PUEBLO, Colorado — It's been a tough year at Graham's Grill where the burgers and sloppers they're selling today are a welcome relief from the lockdowns and capacity limits of the spring and summer.
Owner Heather Graham worries city-wide restrictions in response to growing COVID activity here could devastate her business.
"My people can't go through another shutdown," she said. "I employ 120 people between the four businesses. I can't tell people they're out of a job two months before Christmas."
The Colorado Department of Public Health and Environment currently rates Pueblo County at Level 2 on the COVID Dial. However, the data points they use to track the speed with which the virus is spreading indicates more trouble is coming. The state could classify the City at Level 3 which would cut capacity limits to 25 percent at restaurants, or order the community back into another shutdown.
Pueblo County's positivity rate has quadrupled since the beginning of the month. The 368 cases per 100,000 residents are more than triple the threshold that state health officials want to see.
Mayor Nick Gradisar told reporters Thursday that there were only two ICU beds available on Tuesday between the city's two hospitals.
"Pueblo, this is a fight for our lives and our livelihoods," the mayor said. "I'm calling on you to do your part."
Gradisar announced a two-week curfew that will be in effect between the hours of 10:00 p.m. and 5:00 a.m. starting on Friday. He also announced stricter enforcement of public health order violations such as exceeding capacity limits, not enforcing the mask mandate, and operating after recommended hours.
The mayor pointed out that the Pueblo Liquor Board suspended the license of the Broadway Tavern for three days for repeated violations of the health order.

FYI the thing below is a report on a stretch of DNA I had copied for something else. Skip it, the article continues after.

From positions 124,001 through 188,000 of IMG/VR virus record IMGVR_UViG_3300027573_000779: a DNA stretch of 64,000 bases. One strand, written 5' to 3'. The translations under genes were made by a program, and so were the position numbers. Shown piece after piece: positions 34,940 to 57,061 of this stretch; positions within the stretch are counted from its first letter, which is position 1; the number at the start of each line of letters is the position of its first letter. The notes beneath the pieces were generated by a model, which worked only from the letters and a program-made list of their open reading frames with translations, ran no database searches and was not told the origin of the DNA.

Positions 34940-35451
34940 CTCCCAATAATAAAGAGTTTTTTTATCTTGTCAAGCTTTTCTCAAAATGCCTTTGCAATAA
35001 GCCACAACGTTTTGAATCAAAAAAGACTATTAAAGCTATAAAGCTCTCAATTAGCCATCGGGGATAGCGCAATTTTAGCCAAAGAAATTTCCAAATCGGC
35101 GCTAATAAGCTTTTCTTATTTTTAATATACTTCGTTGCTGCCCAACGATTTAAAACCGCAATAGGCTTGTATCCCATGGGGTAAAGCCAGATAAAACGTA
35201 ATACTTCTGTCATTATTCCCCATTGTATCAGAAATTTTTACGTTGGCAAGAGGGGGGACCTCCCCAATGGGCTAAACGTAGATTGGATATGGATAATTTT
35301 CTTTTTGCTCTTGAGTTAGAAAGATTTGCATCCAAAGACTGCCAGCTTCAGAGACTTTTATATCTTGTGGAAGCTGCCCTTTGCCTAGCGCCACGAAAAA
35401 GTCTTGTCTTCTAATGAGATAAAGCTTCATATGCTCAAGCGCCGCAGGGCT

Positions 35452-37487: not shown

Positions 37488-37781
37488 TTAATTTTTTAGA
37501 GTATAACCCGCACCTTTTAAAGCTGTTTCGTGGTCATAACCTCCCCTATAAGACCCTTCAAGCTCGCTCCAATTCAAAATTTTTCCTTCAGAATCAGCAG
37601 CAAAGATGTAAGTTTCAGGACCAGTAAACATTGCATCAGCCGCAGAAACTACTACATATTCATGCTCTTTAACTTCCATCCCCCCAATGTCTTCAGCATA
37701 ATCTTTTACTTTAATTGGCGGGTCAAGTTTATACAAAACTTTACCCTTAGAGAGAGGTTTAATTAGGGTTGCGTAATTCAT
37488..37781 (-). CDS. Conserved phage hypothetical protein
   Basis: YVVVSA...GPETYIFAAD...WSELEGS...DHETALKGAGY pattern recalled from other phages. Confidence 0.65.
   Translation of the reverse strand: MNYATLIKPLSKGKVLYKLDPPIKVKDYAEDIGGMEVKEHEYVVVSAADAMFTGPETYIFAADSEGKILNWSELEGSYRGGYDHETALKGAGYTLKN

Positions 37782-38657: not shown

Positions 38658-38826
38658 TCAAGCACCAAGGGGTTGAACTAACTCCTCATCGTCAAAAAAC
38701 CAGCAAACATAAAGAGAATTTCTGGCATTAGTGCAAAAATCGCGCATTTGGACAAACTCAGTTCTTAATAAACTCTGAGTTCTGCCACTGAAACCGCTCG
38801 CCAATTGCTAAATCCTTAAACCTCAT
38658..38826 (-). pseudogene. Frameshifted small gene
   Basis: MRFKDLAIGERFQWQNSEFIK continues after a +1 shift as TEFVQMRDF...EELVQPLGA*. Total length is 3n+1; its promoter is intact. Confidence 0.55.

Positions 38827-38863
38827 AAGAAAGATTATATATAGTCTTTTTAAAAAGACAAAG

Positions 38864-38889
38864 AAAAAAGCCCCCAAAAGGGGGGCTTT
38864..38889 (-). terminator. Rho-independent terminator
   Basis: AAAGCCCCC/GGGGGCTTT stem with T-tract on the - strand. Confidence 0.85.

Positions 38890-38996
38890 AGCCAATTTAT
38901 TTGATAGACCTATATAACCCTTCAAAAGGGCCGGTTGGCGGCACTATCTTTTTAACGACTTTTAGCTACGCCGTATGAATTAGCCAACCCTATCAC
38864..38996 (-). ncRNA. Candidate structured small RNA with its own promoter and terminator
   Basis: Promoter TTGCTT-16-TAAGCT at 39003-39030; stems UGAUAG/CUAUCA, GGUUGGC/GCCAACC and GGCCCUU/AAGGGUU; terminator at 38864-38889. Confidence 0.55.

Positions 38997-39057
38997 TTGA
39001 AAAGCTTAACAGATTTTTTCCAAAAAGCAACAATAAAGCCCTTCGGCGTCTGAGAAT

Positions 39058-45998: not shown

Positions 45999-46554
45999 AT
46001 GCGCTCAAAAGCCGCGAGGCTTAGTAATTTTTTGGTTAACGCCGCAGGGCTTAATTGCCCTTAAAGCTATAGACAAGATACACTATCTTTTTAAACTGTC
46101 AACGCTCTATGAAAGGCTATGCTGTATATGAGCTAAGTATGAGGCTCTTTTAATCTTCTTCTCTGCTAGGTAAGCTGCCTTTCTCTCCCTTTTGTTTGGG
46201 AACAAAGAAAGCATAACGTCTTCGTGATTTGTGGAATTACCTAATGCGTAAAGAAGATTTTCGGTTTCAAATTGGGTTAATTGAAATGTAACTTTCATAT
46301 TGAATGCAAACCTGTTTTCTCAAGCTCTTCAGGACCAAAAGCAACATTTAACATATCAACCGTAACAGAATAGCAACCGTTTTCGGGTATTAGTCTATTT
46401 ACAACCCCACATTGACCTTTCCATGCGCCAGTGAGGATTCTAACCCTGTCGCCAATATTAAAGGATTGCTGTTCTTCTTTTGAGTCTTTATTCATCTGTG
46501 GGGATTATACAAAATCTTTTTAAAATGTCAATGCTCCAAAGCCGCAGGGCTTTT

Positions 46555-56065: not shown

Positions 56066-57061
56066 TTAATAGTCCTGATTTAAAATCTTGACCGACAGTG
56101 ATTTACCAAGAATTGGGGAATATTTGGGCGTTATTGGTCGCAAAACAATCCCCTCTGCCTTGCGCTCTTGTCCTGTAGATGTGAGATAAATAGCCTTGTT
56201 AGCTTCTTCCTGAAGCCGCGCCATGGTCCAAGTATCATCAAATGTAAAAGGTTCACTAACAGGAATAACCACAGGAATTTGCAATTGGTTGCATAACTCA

"If we don't take action now, my fear is that we'll see increased deaths in the City of Pueblo and we'll see more businesses failing," Gradisar said.
News of the curfew surprised business owner Lee Gladney, who is also a member of the Downtown Association.
"I'm certain that there's a lot of members in the Downtown Association that would be severely impacted by his statements today," Gladney said.
He feels like the city's response is too harsh. Curfew violations are punishable by a fine of up to $1,000 and a 1-year jail sentence.
Gladney and Graham joined with other local business owners at City Hall Thursday afternoon to protests against the restrictions. They want city leaders to stand up against restrictions and lockdowns issued by the governor and state health department.
Graham, who also owns Ruby's Wine Bar and the Pueblo Athletic Club, points out that the federal government gave out PPP loans and other relief to businesses early in the pandemic. None of that's happening now.
"We know cases are rising, we understand; we're not dismissing coronavirus," Graham said. "But we want to know why us, why small business, why do we have to suffer, why are we carrying all of this on our shoulders?"
The mayor said that essential workers will be exempt from the curfew restriction and that includes election workers who will be working late on Tuesday night.